Cancer Mutation Gains Ground as Test for Immunotherapy Drugs

Excerpt:

“Scientists are stepping up the hunt for better diagnostic tests to predict if cancer patients will benefit from costly modern immunotherapy drugs, which are transforming cancer care but remain a hit-and-miss affair.

“Research presented at Europe’s biggest oncology congress in Madrid adds to evidence that patients with an above average number of genetic mutations in their tumors have a better chance of responding to the new treatments, and drugmakers are racing to confirm the idea.”

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Physicians’ Misunderstanding of Genetic Test Results May Hamper Mastectomy Decisions

Excerpt:

“A recent survey of over 2,000 women newly diagnosed with breast cancer found that half of those who undergo bilateral mastectomy after genetic testing don’t actually have mutations known to confer increased risk of additional cancers, according to a study by researchers at the Stanford University School of Medicine and four other U.S. medical centers.

“Instead the women had what are known as variants of uncertain significance, or VUS, that are often eventually found to be harmless. A bilateral mastectomy is a surgical procedure in which both of a woman’s breasts are removed after a diagnosis of in one breast.”

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Genome Analysis Helps Keep Deadly Brain Cancer at Bay for Five Years

Excerpt:

“An analysis of a patient’s deadly brain tumor helped doctors at Smilow Cancer Hospital identify new emerging mutations and keep a 55-year old woman alive for more than five years, researchers report in the journal Genome Medicine.

“The median survival rate for patients with glioblastoma multiform (GBM) is only 15 months, but three separate genomic analyses of the tumor identified new mutations that allowed doctors to adjust treatment and keep the patient alive for over five years, through two recurrences of the cancer.”

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Targeted Treatment May Be Feasible in Pediatric Brain Tumors

Excerpt:

“Results from a large clinical study showed that testing pediatric brain tumors for genetic abnormalities is feasible and could play a role in guiding patients’ treatment.

“The study, published in Neuro-Oncology, showed that more than half of the samples taken from pediatric brain tumors and analyzed using genomic profiling had genetic irregularities that could influence how the disease was diagnosed or treated with approved drugs or agents being evaluated in clinical trials.”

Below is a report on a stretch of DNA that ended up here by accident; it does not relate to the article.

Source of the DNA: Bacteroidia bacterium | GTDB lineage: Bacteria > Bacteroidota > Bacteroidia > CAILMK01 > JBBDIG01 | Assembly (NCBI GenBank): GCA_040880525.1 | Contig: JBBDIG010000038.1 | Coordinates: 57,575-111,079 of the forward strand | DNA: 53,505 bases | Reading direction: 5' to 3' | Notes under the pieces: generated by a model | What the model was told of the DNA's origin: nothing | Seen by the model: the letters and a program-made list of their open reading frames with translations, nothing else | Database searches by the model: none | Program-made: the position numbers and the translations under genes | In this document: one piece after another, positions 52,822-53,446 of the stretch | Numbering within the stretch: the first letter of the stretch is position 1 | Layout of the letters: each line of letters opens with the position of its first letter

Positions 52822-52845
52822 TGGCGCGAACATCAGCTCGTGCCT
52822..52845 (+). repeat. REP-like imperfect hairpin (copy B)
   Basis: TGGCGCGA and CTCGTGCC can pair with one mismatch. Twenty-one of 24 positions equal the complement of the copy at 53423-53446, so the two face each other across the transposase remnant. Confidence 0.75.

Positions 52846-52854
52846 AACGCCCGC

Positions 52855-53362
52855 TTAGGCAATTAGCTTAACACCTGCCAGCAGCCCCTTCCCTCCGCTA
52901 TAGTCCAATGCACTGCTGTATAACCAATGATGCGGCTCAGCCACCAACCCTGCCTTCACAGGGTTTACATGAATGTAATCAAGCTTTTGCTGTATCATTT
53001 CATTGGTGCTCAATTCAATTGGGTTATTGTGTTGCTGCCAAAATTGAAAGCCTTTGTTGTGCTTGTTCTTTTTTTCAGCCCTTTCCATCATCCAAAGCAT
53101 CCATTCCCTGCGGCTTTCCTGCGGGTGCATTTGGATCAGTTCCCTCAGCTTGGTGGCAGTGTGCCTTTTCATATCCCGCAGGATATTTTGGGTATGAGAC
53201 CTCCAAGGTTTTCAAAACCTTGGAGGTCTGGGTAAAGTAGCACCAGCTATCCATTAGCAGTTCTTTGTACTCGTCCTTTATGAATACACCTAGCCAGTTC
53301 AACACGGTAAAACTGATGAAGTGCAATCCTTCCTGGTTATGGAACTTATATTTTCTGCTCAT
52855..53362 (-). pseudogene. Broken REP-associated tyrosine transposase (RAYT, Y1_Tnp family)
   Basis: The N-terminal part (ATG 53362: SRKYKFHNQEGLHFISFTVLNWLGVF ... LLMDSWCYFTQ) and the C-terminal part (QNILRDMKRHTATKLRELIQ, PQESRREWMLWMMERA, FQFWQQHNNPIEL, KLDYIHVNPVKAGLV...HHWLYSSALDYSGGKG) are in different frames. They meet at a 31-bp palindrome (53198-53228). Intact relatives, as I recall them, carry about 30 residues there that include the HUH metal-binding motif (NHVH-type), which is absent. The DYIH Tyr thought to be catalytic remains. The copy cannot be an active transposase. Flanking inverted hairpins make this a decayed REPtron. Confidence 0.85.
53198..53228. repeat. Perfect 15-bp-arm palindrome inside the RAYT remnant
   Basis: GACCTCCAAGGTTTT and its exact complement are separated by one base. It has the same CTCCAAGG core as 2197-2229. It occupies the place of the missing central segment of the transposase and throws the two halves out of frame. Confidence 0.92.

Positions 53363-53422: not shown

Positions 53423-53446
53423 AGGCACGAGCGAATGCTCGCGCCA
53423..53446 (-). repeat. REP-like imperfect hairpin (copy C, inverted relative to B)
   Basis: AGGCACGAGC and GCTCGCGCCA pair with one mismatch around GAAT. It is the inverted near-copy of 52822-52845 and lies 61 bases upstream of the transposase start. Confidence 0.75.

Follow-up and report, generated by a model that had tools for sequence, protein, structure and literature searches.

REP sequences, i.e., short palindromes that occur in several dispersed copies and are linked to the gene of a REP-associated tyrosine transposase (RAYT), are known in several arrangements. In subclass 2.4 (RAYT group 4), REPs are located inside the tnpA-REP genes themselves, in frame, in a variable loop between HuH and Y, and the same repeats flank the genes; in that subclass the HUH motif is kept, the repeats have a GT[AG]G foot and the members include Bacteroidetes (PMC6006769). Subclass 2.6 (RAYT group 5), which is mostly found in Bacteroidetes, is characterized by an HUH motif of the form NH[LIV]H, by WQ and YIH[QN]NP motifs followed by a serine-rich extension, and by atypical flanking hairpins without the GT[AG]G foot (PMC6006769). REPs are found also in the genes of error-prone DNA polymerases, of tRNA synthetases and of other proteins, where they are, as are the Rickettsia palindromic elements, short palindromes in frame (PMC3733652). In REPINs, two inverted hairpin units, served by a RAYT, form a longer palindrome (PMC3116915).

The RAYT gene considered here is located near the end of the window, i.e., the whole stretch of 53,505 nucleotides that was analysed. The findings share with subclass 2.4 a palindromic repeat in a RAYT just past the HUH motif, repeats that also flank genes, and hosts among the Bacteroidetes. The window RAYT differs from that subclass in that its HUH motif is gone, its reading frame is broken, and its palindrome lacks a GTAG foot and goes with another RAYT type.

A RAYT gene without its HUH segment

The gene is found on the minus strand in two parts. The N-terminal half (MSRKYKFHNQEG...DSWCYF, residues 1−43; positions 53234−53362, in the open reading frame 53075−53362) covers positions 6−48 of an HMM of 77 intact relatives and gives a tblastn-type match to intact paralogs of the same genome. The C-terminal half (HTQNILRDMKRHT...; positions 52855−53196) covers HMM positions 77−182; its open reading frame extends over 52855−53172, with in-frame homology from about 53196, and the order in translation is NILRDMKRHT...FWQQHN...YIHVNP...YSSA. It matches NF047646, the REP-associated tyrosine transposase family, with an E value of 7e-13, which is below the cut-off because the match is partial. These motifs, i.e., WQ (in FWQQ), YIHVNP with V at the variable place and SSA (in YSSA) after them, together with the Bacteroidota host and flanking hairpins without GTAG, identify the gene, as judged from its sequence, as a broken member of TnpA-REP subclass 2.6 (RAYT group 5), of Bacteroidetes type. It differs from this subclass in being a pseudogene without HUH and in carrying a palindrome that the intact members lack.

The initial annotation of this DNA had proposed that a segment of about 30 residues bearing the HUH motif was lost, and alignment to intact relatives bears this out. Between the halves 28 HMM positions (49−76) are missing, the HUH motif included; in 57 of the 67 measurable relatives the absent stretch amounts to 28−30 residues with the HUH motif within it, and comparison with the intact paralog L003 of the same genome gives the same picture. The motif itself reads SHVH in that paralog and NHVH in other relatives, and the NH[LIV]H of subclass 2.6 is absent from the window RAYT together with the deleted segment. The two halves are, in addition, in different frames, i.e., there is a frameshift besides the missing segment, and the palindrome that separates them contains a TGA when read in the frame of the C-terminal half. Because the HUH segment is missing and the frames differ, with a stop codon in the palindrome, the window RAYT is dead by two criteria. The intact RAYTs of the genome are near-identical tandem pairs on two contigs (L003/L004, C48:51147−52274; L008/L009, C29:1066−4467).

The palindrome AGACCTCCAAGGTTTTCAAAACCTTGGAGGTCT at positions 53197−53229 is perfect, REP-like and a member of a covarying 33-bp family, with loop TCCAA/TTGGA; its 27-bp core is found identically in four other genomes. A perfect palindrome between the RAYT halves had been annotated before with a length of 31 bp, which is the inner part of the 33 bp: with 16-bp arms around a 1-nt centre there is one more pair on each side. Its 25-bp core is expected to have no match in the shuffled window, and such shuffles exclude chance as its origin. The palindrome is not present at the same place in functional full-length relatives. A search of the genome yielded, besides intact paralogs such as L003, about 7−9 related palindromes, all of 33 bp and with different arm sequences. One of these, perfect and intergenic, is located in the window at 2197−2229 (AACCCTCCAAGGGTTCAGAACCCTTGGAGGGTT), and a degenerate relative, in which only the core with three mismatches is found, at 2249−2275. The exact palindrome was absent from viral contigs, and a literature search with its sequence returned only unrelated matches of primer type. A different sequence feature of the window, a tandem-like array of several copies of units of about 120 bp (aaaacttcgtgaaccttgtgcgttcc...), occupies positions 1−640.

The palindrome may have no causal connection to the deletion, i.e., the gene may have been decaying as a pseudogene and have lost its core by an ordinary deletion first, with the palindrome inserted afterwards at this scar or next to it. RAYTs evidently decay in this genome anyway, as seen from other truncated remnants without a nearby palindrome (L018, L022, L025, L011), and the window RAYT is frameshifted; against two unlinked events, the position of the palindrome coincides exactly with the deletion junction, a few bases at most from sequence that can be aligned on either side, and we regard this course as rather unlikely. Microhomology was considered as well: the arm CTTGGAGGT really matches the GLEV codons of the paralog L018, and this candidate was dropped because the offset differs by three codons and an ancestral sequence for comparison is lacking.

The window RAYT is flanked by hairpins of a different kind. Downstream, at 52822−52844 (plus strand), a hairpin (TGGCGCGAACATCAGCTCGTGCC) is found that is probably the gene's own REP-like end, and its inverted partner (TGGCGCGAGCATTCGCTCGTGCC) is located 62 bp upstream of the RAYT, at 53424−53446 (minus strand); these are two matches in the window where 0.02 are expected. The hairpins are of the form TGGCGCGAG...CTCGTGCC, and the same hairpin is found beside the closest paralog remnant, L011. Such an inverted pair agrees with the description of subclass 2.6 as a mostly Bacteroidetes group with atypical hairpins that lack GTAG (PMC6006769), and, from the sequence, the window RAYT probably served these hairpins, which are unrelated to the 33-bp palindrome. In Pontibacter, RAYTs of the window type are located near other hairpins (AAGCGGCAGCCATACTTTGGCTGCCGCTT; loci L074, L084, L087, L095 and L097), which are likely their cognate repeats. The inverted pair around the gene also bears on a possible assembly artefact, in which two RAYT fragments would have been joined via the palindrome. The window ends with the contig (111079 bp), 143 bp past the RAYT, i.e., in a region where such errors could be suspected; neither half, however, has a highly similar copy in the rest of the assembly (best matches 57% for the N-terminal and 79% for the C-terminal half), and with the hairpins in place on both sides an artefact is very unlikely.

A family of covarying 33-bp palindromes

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Testing for Tumor Mutations: Liquid Biopsy Versus Traditional Biopsy


Liquid biopsies, virtually unknown even a year or two ago, are becoming common tools in precision diagnostics for cancer. Here, I will try to explain some of the more important differences between liquid and “traditional” tumor biopsies.

Biopsies of solid tumors (e.g., lung, breast, or brain tumors) involve surgically removing a small part of a tumor and sending it to pathology lab. In the last few years, doctors have also started to send some tumor samples to special service labs that analyze tumor DNA for the presence of cancer-related mutations.

By definition, regular biopsies can be intrusive and are sometimes associated with side effects, such as bleeding or infection. However, they provide some really essential information; i.e., the histology and grade of the tumor and other tumor characteristics necessary to determine the best choice of treatment. For lung cancer, for example, a biopsy determines the type of tumor—adenocarcinoma, squamous cancer, small-cell lung cancer, or another, less common type. For breast cancer, a routine test will determine if the tumor expresses estrogen, progesterone receptors, and a protein called HER2. These tests are critically important in guiding treatment choices. If mutational analysis of cancer-related genes is also performed (which doesn’t always happen, unfortunately), it may guide treatment with targeted drugs. Continue reading…


Case for Liquid Biopsies Builds in Advanced Lung Cancer

Excerpt: